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National Collaborating Centre for Cancer (UK). Advanced Breast Cancer: Diagnosis and Treatment. Cardiff (UK): National Collaborating Centre for Cancer (UK); 2009 Feb. (NICE Clinical Guidelines, No. 81.)

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Advanced Breast Cancer: Diagnosis and Treatment.

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Appendix 1A cost-utility analysis of chemotherapy sequences for the treatment of patients with advanced breast cancer


Since metastatic breast cancer is incurable, the quality of patients’ lives during the final stages of life with various forms of active chemotherapy and supportive and palliative care is of great importance. However the economic cost of this treatment and care to the NHS must be considered and balanced.

NICE has previously issued guidance on the use of the taxanes, capecitabine and vinorelbine for use in the treatment of patients with advanced breast cancer in the form of three technology appraisals (TA30 (2001); TA54 (2002); TA62 (2003)). These appraisals are now being updated within the guideline for the treatment of advanced breast cancer. In light of new clinical evidence it is important that the economics of these chemotherapy agents are re-examined. The sequencing of these agents has not been considered in the economic literature to date and the neglect of sequential therapy as a comparator to combination therapies in previous technology appraisals was a concern to both the Appraisal Committee of the recent Gemcitabine STA (TA116) and to the Advanced Breast Cancer Guideline Development Group. As such a de novo economic model has been developed to investigate the cost-utility of chemotherapy sequences for the treatment of patients with advanced breast cancer.

Existing economic evidence

There are a number of good quality economic evaluations investigating the cost-effectiveness of first- and second-line chemotherapy regimes in patients with metastatic breast cancer, most of which were appraised for the original technology appraisals (summarised below). Four new full economic evaluations have been published since the review undertaken for the appraisals (Verma et al. 2005; Cooper et al 2003; Verma & Ilersich, 2003; Li et al. 2001). One partial economic evaluation considering the costs of third-line chemotherapy was published in 1999 but was not included in the previous reviews since third-line therapy was not part of the inclusion criteria. The main limitations of these studies are that none compare more than three types of therapy, nor do they consider more than one line of therapy. This highlights the need for de novo economic modelling to directly answer the review question.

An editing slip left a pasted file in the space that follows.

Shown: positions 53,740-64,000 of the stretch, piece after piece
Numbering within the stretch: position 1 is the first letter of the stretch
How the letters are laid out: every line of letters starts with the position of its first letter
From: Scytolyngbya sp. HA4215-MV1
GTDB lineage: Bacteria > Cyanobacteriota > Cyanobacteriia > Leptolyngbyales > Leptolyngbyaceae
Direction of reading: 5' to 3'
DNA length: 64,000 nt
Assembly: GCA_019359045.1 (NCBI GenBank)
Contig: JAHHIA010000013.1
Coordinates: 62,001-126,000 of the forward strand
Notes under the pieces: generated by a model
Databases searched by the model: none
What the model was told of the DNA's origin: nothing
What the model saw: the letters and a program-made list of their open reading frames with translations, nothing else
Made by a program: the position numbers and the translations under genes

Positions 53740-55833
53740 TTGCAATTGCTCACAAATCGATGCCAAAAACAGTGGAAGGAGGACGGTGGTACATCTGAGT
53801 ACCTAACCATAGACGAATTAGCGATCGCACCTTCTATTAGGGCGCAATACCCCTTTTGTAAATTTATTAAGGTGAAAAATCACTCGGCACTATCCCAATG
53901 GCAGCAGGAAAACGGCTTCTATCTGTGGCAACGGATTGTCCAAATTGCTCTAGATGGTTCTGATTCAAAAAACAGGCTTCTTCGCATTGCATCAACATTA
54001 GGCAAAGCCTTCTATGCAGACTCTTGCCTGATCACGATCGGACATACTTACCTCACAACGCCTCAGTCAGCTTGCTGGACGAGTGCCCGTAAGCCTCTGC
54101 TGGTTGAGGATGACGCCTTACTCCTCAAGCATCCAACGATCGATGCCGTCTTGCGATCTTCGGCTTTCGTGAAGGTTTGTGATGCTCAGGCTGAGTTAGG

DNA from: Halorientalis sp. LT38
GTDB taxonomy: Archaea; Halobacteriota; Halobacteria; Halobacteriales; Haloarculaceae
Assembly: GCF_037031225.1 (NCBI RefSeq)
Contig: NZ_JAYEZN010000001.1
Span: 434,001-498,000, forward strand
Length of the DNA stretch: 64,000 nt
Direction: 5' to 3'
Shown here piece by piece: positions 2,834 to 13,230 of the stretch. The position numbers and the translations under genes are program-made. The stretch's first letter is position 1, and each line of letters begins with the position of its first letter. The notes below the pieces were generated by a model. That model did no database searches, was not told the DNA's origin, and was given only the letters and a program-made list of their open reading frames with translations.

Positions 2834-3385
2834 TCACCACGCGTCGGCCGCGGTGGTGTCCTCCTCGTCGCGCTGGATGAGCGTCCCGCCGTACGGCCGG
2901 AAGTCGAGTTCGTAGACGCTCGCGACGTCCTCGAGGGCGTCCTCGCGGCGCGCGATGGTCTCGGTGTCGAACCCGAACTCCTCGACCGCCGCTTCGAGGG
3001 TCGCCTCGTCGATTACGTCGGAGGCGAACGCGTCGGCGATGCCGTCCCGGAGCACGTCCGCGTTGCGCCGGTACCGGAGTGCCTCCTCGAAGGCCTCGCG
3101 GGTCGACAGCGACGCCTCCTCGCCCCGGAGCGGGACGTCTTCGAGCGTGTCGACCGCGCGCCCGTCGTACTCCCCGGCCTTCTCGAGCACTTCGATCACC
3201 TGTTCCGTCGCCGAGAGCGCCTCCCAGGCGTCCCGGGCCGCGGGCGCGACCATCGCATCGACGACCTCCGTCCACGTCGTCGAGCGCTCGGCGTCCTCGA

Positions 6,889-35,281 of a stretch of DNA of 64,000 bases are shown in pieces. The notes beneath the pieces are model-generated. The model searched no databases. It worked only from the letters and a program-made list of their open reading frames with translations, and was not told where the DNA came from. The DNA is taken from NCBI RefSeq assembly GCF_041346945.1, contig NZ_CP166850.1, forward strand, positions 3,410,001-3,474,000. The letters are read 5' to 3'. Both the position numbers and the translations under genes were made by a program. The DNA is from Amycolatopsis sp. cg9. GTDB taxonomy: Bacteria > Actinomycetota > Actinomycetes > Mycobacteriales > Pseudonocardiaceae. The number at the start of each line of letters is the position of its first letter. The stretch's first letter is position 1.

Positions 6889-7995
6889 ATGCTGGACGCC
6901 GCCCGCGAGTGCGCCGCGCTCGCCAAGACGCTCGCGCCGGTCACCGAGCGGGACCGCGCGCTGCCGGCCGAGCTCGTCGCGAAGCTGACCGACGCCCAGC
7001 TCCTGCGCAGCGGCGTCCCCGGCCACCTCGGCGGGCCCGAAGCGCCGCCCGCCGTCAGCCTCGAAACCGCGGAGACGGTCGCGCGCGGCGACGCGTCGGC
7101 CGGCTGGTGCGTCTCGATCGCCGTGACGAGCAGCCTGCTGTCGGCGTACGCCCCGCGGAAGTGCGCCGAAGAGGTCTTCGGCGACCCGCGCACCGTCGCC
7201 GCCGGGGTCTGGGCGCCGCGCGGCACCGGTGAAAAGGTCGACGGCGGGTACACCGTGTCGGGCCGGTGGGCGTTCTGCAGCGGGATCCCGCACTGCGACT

TA30 – Taxanes

In the original appraisal no economic evaluations for the first line treatment1 of breast cancer with a taxane were identified. For second-line treatment2, seven economic evaluations were identified and reviewed. One compared paclitaxel with mitomycin but was submitted in confidence to NICE and therefore was not published in the subsequent HTA report. The other six compared paclitaxel and docetaxel in cost-utility analyses where the range of incremental QALYs gained was £1,990–£2,4313. In addition three analyses compared docetaxel and vinorelbine - one of which was carried out in the UK and yielded a cost-utility ratio for incremental QALYs gained of £14,050. The original guidance did not give any indication as to which taxane was preferred for second-line treatment of breast cancer, despite the evidence showing that docetaxel has a highly favourable cost-effectiveness ratio compared with paclitaxel.

TA54 – Vinorelbine

Evidence at the time of TA54 was scarce. The evidence reviewed for the appraisal showed no clinical benefit of vinorelbine monotherapy over other therapies as first-line treatment. Vinorelbine monotherapy as second-line treatment was slightly less effective than taxane therapy but was much less toxic. For a sub-group of patients (for example those who are elderly) this was considered a useful treatment option and was backed up by economic evidence. None of the RCT data favoured vinorelbine combinations and the case-series data did not provide a robust alternative interpretation. The economics involved in the original appraisal comprised of two literature reviews (one investigated the use of vinorelbine as a single agent and the other investigated vinorelbine in combination with other agents), with no independent modelling. The reviews found no economic evaluations investigating vinorelbine as combination therapy, and identified four economic analyses for vinorelbine monotherapy (Brown et al. 2001; Silberman et al. 1999; Launois et al. 1996; Leung et al. 1999), though one of these was in abstract form and therefore provided little detail. Three of these were fairly well conducted cost-effectiveness or cost-utility analyses, one of which was carried out in a UK setting from an NHS perspective (the remaining three were undertaken in Canada, the USA and France). However they gave conflicting results, “when comparing the cost-effectiveness of vinorelbine, paclitaxel and docetaxel, one economic evaluation reported that vinorelbine was more effective and less costly than taxane therapy, one found vinorelbine to be less effective and less expensive than either of the taxanes and a third evaluation found vinorelbine to be less effective and more expensive than taxane therapy” (Lewis et al. 2002). In addition none of the studies adequately addressed the uncertainty surrounding their results.

TA62 – Capecitabine

The only economic evidence available at the time of the appraisal was one abstract (not reviewed) and the economic model submitted by the manufacturer for both capecitabine monotherapy and in combination with docetaxel. Neither of these models has since been published in a peer-reviewed journal.